Down-and-out foreigners in Korea
The man headed straight to his usual place in a corner of the station and removed a blanket from his bag.
When questioned, the man said his name is “Small A” but refused to say anything more. Local residents said they’ve seen him round the neighborhood since September.
“Recently, I saw him picking up some junk off the street,” said Lee Jae-suk, a 55-year-old owner of an Itaewon clothing store.
Shin Hee-ung, deputy head of Itaewon Station, said Small A spends more and more time inside the station as the weather gets colder.
Korea’s homeless population now includes foreigners.
In May, an 83-year-old Dutch man was discovered by the police in front of the clock tower of Seoul Station. He claimed he was a 1950-53 Korean War veteran and displayed symptoms of mental disorder.
The police sent him to a facility in Daegu in July, but he returned to Seoul Station only a few days later, where he started sleeping. Recently, his health deteriorated and he is currently at Hope Medical Center, which is run by the Seoul Red Cross Hospital for immigrants and low-income patients.
In March, the Injung Welfare Center in Yongsan District of Seoul was visited by a German man, who asked for some food. After spending a few days at the center the 53-year-old left to stay on the streets. Police and the center tried to locate him but couldn’t.
Foreigners who find themselves homeless in Korea cannot go to government-run shelters because there are no welfare regulations governing them. They are for Koreans only. There are only eight temporary shelters around the country that accept foreigners, and they can only stay in them for 20 days maximum.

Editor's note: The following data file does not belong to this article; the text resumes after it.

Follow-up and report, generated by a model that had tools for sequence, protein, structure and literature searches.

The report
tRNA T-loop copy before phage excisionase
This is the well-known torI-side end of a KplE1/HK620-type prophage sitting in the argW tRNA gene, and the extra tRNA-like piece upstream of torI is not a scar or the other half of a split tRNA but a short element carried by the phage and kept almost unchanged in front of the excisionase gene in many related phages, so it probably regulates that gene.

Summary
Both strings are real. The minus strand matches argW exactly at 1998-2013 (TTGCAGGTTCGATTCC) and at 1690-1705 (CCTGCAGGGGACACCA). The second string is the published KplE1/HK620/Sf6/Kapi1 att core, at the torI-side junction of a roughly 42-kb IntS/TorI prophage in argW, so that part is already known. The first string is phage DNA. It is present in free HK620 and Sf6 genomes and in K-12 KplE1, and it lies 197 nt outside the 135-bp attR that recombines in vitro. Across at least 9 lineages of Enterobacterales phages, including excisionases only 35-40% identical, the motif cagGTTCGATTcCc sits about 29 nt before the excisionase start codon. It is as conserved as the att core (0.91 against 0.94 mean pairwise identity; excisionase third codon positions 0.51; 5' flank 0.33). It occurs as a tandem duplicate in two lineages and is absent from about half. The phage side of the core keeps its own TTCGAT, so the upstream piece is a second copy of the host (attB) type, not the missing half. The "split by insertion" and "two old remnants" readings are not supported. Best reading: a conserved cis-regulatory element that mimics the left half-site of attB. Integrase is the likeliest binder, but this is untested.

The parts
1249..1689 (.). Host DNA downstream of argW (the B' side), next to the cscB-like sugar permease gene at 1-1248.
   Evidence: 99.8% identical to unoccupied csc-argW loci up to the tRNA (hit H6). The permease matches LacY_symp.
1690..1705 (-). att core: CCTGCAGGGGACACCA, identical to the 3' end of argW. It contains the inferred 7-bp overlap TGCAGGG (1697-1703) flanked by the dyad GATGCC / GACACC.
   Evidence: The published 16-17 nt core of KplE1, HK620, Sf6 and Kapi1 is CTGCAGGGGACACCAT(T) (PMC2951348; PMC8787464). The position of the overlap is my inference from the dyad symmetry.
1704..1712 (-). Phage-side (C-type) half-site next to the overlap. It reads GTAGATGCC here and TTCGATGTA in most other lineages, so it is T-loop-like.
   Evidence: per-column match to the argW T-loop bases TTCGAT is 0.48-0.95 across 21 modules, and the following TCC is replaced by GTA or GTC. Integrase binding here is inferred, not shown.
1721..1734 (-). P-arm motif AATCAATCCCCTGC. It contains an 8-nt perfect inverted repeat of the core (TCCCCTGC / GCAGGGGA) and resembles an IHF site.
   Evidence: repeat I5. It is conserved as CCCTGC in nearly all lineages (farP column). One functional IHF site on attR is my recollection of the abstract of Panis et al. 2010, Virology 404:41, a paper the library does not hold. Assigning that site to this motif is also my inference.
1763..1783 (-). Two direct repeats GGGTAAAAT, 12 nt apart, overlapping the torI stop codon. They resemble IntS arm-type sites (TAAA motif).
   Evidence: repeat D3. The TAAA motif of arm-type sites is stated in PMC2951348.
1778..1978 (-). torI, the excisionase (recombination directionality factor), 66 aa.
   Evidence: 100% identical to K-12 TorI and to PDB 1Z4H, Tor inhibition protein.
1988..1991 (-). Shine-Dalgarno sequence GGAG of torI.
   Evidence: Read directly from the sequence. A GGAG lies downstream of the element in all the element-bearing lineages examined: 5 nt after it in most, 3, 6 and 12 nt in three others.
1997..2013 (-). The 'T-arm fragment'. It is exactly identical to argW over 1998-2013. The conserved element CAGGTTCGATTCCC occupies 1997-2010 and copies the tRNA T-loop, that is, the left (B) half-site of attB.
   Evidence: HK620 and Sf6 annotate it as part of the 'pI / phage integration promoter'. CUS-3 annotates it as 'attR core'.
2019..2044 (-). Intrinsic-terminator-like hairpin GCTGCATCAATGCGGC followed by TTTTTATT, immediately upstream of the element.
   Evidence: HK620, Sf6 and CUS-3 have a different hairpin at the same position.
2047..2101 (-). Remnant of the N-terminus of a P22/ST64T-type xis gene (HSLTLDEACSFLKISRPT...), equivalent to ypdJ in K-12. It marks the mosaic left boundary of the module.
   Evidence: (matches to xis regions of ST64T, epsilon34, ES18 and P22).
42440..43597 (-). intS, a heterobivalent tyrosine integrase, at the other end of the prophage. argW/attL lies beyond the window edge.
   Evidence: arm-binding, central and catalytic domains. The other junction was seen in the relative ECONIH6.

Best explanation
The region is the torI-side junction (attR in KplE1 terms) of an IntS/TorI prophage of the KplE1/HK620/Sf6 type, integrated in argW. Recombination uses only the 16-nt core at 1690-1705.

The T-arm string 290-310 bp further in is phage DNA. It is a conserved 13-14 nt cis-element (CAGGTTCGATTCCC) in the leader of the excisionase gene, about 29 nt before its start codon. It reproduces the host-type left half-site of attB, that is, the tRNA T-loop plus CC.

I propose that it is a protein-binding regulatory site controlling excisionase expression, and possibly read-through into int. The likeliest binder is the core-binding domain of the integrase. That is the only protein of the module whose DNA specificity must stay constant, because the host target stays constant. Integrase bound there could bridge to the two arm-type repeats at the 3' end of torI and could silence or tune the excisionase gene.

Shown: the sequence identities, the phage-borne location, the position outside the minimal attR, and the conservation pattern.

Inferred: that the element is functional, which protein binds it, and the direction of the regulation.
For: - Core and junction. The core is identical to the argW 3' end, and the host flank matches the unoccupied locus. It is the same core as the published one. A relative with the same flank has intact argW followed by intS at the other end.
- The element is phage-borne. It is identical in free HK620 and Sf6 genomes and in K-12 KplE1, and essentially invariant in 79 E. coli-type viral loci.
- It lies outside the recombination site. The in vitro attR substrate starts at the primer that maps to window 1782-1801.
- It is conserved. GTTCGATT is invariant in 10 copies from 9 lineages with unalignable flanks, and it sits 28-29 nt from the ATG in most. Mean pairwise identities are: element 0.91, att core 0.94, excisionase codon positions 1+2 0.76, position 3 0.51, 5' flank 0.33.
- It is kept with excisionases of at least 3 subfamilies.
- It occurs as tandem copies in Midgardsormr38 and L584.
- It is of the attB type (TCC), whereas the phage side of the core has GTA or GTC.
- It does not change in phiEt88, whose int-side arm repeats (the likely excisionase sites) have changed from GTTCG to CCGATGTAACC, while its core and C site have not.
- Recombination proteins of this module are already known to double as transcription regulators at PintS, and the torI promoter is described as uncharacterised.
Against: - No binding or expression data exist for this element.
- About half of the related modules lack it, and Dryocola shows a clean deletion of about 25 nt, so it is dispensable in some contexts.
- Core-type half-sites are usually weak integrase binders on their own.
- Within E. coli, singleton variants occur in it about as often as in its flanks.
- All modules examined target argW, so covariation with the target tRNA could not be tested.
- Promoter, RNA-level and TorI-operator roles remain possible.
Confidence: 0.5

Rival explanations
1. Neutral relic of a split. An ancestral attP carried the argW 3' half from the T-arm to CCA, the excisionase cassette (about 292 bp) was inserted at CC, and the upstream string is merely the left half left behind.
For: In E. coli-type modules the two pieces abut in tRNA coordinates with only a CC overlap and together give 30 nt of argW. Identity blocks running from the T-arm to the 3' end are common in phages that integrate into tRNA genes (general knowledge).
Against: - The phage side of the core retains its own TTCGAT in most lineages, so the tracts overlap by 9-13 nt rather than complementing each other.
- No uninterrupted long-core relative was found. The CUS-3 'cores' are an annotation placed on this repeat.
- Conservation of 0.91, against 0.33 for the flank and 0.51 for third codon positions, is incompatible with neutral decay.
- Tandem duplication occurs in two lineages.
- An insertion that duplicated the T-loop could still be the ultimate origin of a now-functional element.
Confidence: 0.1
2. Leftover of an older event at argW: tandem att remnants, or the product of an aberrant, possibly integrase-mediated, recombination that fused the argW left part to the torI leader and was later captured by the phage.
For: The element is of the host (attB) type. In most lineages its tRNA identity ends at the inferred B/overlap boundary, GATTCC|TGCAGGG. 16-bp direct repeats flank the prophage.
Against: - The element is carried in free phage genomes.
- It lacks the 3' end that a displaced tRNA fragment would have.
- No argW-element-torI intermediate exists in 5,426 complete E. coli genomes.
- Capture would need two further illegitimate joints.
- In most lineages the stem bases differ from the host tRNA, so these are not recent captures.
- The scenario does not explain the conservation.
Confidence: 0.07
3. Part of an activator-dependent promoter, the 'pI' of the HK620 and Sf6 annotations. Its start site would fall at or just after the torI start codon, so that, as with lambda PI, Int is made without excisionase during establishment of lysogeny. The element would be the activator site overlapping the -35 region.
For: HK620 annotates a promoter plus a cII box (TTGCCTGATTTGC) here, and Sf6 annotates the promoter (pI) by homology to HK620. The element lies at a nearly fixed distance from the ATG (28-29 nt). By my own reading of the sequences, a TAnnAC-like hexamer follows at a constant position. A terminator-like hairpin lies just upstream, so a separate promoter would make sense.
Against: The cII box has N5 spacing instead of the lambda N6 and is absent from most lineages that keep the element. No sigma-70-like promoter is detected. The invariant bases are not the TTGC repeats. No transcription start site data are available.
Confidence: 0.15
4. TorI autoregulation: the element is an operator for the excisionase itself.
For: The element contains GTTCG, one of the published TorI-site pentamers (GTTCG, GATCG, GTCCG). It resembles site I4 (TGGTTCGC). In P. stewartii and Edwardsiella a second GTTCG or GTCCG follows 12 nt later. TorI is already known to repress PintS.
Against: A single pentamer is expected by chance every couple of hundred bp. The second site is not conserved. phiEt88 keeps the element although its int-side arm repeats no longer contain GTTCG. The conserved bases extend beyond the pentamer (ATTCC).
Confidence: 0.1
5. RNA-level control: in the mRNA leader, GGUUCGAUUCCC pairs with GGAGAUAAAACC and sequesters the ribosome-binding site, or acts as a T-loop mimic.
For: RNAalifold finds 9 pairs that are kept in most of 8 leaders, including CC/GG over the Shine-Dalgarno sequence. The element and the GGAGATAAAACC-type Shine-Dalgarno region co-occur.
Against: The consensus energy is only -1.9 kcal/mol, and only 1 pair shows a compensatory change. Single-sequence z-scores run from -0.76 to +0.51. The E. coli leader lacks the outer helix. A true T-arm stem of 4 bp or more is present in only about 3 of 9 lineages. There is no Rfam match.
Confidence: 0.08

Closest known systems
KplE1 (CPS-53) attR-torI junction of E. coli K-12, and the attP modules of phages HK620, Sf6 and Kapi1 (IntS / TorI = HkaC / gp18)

According to Support Center for the Homeless, a temporary facility for homeless foreigners run by the Seoul Metropolitan Government, it provided counseling to eight people from January through September.
Currently, 10 foreigners are living at the center. Last year, the center had no visitors.
The center said the nationalities of the homeless were varied and included people from the United States, Canada and Russia.
“As of now, about 60 homeless people from various countries are staying at four temporary shelters around the city,” said Yeo Jae-hun, head of the center. “I believe there are more on the streets of Seoul.”
Of the 60, 10 are currently at the center, while another 10 are at the Seoul Migrant Workers Center. The Global Village of Love-Sharing, a private charity, is housing 40.
Another 29 homeless foreigners are waiting to enter the Multicultural Family Support Center in Ansan, Gyeonggi.
Their counseling reports showed that 13 came to Korea for language schools but became homeless due to economic difficulties. Five said they became homeless due to domestic disputes, three said they became homeless after their visas expired and two claim to be refugees.
“When government-run homeless shelters take in Koreans, they receive government subsidies, but there is no money earmarked for foreigners,” said Kim Hae-sung, director of the Global Village of Love-Sharing.
An official from the Ministry of Health and Welfare admitted that foreigners were excluded from standard homeless shelters. “We have enough trouble supporting the Koreans,” he said. “It is hard to pay attention to the foreigners.”
The Justice Ministry admitted homeless foreigners are a technical headache.
“When they are visitors with valid visas, we cannot send them back home because they didn’t violate the Immigration Control Act,” said an official from the ministry.
“If we do nothing about homeless foreigners now, they can grow into a new social problem,” said Kim Young-ran, professor of social psychology at the Sookmyung Women’s University. “We need to create a system to protect them at the existing welfare centers for the homeless.”
BY JANG HYEOK-JIN [firstname.lastname@example.org]